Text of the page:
As a new contribution I would like to enquire what others thought about the spatial relationship of elements in this staging, and how that affected our experience and our cognition. In Basel, with some vivid projection elements above the actors in most scenes, it was often a matter of choice to focus upon the stage or the images (particularly in Michaels Reise and Vision). Fortunately I knew it would be best to look almost entirely at the actions of triple Michael during the second day's performance of Vision, but was often beguiled by the magnified face of Michael-tenor on the previous night! If we compare performances we can appreciate the major effect of such decisions.. The TV production of Examen (DVD) uses image superimposition and elements are arranged closely in narrowish field of view. With some rearrangement of the sound projection this allows nearly all elements to stay in focus. At Padrissa's production of Michael's Reise some of these overlay elements were possible, making the several layers of activity towards the end of the scene increase in density and minimising the likelihood of much being ignored. In Basel this scene was perhaps the least focussed of all leading me to think that the director felt she had the most freedom to break free of directions where movements were less specifically composed. For music from a different opera, I recall the final scene of Mittwoch in Birmingham. The rotating Bassetsu Trio was sadly, often hidden behind choral delegates in the staging, at ground level (mobile platforms). A method of raising them up high to orbit the singer/Operator was desperately needed in my opinion!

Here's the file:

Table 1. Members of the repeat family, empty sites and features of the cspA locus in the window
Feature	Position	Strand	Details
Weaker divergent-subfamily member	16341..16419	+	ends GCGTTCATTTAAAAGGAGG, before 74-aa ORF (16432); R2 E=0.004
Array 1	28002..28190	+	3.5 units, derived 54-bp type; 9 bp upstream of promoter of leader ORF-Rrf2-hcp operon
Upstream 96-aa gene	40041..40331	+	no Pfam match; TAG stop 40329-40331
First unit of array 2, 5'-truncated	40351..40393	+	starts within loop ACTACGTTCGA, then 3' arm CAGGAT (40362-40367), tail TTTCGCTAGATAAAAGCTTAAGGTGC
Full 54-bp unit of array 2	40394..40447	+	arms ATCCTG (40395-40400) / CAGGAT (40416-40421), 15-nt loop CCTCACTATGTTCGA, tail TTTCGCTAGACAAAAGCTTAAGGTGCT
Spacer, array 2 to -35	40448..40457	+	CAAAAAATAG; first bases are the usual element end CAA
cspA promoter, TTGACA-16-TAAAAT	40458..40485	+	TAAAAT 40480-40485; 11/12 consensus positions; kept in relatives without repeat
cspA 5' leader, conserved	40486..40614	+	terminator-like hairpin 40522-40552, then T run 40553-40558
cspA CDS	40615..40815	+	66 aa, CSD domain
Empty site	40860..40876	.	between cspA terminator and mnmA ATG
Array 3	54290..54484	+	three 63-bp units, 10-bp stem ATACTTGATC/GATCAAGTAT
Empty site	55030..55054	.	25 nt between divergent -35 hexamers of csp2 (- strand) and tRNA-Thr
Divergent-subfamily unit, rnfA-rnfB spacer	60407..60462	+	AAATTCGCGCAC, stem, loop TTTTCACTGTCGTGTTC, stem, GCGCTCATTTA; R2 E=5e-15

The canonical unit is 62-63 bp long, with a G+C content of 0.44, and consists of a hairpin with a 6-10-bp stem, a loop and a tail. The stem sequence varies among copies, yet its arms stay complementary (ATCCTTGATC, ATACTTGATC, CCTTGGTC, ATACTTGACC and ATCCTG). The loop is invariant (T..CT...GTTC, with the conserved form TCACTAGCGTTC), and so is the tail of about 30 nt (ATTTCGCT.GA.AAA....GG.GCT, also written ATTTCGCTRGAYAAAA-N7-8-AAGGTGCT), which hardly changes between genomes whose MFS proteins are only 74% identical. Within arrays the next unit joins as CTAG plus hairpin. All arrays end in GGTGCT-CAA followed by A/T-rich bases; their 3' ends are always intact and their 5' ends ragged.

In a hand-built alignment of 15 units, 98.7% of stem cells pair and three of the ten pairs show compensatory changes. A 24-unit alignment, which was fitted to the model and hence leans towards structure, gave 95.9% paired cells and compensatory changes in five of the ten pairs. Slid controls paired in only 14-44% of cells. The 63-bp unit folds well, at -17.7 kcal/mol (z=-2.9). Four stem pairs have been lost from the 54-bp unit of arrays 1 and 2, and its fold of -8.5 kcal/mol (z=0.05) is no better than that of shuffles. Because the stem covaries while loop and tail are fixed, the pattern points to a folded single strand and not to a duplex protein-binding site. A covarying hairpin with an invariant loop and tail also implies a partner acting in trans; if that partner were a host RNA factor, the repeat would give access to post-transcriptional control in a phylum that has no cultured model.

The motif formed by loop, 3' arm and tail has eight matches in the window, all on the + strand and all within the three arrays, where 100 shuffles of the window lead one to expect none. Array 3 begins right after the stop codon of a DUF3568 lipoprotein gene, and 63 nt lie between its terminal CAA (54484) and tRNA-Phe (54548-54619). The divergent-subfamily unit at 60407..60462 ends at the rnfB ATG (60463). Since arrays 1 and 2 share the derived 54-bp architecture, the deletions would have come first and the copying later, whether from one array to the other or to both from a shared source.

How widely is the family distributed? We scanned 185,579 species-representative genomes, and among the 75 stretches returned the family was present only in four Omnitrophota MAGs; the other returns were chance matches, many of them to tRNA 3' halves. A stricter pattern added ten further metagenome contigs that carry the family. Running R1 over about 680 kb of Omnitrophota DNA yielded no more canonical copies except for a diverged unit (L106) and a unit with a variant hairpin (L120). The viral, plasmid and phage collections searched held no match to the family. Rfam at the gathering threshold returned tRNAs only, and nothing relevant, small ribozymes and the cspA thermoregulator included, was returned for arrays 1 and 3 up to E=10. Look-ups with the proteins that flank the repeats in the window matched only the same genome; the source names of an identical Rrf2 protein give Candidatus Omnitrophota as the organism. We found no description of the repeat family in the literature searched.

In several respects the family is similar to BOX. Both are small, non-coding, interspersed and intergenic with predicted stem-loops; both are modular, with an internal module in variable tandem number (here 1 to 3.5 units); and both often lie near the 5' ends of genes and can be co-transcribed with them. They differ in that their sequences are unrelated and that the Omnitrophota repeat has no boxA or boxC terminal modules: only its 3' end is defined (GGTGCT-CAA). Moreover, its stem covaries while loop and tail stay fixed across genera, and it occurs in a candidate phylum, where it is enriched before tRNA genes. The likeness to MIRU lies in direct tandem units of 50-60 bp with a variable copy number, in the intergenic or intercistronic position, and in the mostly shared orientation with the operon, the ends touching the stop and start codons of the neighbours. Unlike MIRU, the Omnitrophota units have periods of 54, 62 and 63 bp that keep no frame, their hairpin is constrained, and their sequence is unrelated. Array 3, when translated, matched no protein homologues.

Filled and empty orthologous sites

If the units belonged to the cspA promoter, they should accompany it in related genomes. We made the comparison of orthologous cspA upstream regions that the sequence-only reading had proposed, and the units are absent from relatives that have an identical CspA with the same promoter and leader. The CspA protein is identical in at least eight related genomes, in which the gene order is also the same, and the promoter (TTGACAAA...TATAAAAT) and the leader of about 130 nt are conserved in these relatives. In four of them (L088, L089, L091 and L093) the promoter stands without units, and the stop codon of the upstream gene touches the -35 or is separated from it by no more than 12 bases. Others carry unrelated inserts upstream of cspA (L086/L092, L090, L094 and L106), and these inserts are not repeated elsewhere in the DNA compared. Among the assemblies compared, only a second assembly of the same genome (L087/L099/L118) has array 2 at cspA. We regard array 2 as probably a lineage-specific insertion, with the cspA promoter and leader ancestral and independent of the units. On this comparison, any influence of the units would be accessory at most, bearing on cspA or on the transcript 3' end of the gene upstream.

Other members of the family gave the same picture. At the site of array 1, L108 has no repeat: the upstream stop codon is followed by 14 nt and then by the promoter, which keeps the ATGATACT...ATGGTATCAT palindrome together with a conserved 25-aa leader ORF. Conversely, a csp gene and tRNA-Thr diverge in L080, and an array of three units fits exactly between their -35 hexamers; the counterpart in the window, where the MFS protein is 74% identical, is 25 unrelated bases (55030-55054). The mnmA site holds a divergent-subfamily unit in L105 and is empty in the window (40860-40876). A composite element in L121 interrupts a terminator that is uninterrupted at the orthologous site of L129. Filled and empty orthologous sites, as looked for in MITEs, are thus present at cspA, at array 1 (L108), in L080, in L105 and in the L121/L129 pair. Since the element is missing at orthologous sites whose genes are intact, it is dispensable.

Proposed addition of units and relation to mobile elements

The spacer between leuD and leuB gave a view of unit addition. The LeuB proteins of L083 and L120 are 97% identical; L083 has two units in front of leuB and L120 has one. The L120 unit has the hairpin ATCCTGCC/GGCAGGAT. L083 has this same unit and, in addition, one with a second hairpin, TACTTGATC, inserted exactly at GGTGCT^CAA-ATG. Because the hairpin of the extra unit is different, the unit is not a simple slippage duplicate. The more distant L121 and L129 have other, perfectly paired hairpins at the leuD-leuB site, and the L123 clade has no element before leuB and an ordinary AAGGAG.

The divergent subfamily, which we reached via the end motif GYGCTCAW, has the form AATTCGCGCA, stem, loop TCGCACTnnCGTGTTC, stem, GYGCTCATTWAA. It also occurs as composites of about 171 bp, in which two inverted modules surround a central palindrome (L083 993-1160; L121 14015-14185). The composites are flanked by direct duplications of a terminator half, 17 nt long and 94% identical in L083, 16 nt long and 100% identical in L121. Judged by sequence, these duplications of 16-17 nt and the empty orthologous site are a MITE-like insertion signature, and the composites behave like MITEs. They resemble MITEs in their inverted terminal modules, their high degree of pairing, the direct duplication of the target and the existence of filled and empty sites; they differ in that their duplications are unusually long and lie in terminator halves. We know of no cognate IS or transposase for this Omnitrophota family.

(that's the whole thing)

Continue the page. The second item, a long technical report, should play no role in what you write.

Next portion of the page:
My feeling is that when the vertical visual arrangements are overused it is difficult to associate elements, or even notice them all. in other words the challenge is to hold them in the same field of view. In Donnerstag Stockhausen's layout directions are usually for stage elements to be side by side, and previous opera productions attempted this with more consistency.. Performances in Basel provided this horizontal arrangement in Kindheid and in Vision, but every glance at the surtitles or the additional projections could break the musical lines within those totally synchronised movements. I particularly feel Stockhausen has primarily used vertical movements and the juxtaposition of up and down are reserved for a symbolic relationship of heaven and earth (and memories) in Donnerstag aus Licht. So in this opera the relationship of simultaneous musical elements is best done side by side. As for video overlay, that solution can be ingenious, but so easily leads to the return of an opaqueness that stage arrangement is supposed to clarify. Bernard
It seems that most of us agree that a strictly orthodox attitude should not be the answer to the question what should be allowed on stage and what not. Now, I find it interesting how different the question: „But who decides then what should be allowed?“ is being answered. I have a sympathy for Thomas’s view („YOU decide!“), but I also see Adorján’s point. Practically speaking, I guess for the next future, the Stockhausen Trust will continue to have the power to decide. But that is the legal side of the answer rather than the ethical one. So for me, the question needs to remain unanswered, maybe unanswerable as it will not be able to make up clear distinctions about what in Stockhausen’s instructions needs to be respected letter by letter and what not.